I went to his soft opening and really enjoyed my pie. Now, he only serves craft beer which I suppose Charles would approve of. Me, I like my OB but I won't eat pizza without a beer to wash it down. I don't mind splurging if I'm in good company.

  5. Like John said, we know each other through the Hairy Chasms (which sounds very wrong). I have always wanted to get together with you guys, though.

    My schedule for the next few days is going to be a bit bonkers, as I have a dissertation defense to attend (chair, actually) on Monday evening, and a department meeting on Tuesday evening. But I don't think there is anything going on after the meeting on Tuesday dinner-wise, so I should be able to make a 19:30 dinner time. That would actually be the earliest day I could swing this, though, as I'll be spending most of my time through Monday prepping for the defense and the meeting.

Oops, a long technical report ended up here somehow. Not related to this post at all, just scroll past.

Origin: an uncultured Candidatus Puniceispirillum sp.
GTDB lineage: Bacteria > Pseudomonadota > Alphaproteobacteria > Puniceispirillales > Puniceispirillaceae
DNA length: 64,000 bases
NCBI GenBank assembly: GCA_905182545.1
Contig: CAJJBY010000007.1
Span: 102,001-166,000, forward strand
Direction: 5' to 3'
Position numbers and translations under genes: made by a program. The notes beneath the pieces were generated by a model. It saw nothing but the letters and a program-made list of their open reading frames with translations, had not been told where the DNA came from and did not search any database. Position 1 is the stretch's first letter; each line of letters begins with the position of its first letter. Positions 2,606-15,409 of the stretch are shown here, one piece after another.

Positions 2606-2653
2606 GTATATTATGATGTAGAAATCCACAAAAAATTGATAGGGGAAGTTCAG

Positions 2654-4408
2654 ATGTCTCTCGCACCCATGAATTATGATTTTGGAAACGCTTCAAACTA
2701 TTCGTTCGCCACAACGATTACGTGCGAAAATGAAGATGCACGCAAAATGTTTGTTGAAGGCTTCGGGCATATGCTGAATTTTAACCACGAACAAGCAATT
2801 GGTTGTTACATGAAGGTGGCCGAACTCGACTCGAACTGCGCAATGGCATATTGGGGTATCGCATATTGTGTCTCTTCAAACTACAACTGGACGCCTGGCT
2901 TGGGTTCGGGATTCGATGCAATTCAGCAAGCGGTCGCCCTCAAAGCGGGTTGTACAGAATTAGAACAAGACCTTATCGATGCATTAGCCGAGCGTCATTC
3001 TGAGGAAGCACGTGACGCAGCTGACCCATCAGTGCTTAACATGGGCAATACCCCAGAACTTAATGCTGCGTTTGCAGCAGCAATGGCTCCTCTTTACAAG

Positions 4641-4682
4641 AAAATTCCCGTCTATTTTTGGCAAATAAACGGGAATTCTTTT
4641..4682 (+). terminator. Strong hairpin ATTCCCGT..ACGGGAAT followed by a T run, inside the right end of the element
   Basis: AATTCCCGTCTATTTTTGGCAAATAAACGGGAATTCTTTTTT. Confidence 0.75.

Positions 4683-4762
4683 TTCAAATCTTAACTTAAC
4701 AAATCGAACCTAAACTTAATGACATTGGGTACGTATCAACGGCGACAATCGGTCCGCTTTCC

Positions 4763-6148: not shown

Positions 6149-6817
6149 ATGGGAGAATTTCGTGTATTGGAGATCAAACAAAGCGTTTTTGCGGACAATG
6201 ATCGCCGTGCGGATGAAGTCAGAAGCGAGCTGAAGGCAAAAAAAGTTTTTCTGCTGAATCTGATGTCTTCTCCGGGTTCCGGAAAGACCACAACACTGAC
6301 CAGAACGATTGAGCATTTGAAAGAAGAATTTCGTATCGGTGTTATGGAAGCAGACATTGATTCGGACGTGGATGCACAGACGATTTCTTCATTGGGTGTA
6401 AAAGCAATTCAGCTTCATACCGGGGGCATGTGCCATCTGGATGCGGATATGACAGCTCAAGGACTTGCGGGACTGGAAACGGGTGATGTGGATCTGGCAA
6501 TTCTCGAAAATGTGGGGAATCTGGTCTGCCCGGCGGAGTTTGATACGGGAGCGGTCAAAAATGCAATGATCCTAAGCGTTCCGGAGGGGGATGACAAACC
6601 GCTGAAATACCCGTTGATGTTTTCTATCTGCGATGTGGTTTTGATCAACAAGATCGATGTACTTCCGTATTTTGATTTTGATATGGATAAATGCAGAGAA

If it turns out that there is a better time for you guys (John, when you say you're flying out on Wednesday, I'm not sure if that means you won't be around for a while...), though, don't let me hold you back.

  6. Meeting Tuesday evening, 7:30PM, in Itaewon works for me. Hamilton lobby?

    John won't be around for a while: he's flying out to be with friends in Cambodia. You can share your own Cambodian experiences with John before he leaves.

  7. Is there anything worse than tasteless food when you had such high hopes? I think not.

    I hope you 3 have a great time! And I hope the food is as good as the company! xoxox